Quite apart from Ferguson’s unfair condemnation of Roberts, the comments were a brazen – and, as it happened, unsuccessful – attempt to coerce Ferdinand. Ferguson’s egalitarian principles should have led him to believe that free speech in the political sphere is essential for healthy discourse. As a former radical, who, during his days as an engineering union shop steward, led apprentices out on strike, Ferguson should have better understood Rio Ferdinand’s dichotomy. Inexplicably, however, the United manager felt that his right to protect the club’s reputation in the fight against racism outweighed Ferdinand’s right to criticise the “Kick It Out” campaign.

Ferguson is no longer the radical. The status quo suited him better. And his experience of racism is different – manifestly different – from that of Rio Ferdinand (although both men have, in their own way, been enthusiastic advocates of anti-racist movements).

It is encouraging that Clarke Carlisle, the Chairman of the Professional Footballers’ Association, emphasised the need for players to take their own political stances. “Sir Alex Ferguson is continual in his unwavering support for the ‘Kick It Out’ campaign, which is commendable and what we all want to see, but you can’t vilify or coerce any individual for making a stand,” Carlisle told BBC Radio 5 Live. “Everyone has a right to free speech – just like you can’t coerce anyone into shaking hands, you can’t make somebody wear a T-shirt; although I do, personally, believe that joining in with the campaign is the best way forward.”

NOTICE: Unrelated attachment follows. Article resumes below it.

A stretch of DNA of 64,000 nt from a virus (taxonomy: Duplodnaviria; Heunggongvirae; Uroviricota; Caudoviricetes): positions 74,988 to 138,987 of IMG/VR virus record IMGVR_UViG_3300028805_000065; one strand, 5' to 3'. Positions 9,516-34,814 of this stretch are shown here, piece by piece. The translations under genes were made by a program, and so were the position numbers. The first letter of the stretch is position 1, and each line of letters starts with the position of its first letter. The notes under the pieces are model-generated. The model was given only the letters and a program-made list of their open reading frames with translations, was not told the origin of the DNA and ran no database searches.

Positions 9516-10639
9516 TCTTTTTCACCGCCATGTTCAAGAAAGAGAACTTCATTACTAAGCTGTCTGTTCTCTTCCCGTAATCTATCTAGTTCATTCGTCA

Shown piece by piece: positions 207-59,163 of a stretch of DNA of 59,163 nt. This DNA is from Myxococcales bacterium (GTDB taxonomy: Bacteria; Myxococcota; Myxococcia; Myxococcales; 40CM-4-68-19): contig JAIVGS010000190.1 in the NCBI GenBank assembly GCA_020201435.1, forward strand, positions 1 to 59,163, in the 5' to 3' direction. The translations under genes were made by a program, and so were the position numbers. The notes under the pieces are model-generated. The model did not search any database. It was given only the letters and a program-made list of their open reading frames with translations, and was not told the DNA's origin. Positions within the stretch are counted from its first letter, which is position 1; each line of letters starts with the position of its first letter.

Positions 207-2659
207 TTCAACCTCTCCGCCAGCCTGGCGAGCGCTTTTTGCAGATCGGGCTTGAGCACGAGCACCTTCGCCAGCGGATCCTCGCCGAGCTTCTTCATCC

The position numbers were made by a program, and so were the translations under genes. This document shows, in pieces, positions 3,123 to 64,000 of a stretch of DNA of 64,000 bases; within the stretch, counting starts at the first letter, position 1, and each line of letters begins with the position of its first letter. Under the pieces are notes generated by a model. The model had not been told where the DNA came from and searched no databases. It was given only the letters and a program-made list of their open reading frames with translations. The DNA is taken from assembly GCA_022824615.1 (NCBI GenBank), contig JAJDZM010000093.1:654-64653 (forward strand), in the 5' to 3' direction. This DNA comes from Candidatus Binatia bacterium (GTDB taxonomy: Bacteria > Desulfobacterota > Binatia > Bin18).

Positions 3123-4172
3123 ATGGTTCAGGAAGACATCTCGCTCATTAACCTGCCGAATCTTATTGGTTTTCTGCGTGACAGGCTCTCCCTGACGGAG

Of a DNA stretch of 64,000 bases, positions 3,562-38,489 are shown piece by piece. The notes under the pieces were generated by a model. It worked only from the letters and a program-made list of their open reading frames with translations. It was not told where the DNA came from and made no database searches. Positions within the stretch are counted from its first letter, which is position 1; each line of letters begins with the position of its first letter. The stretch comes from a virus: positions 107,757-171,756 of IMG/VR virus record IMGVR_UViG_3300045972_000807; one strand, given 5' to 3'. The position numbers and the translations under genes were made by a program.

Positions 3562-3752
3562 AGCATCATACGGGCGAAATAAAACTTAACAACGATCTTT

It certainly used to be the best way forward – in those days of yore, when the fight against racism in football was making great strides. Recently, however, there has been a worrying trend: not only of an increase in racism but of the football community’s inability to deal with the issue. You can see it in Rio Ferdinand’s eyes that he is frustrated with football’s failure to move into the Twenty-first Century. You could see it in Jason Roberts’ eyes.

The refusal of many black players to wear the T-shirts is, hopefully, the next step in the backlash against the ineptitude of the authorities. After the racism shown by Serbia’s supporters last week, Uefa, the game’s European governing body, knows it must deal with the matter appropriately. Never again can Uefa leave itself open to suggestions that it cares more about protecting its sponsors than about the uncivilised treatment of non-white players. When players are victims on racism on the pitch, Uefa should encourage them to walk off and abandon the match. It is the most symbolic way to take the matter seriously.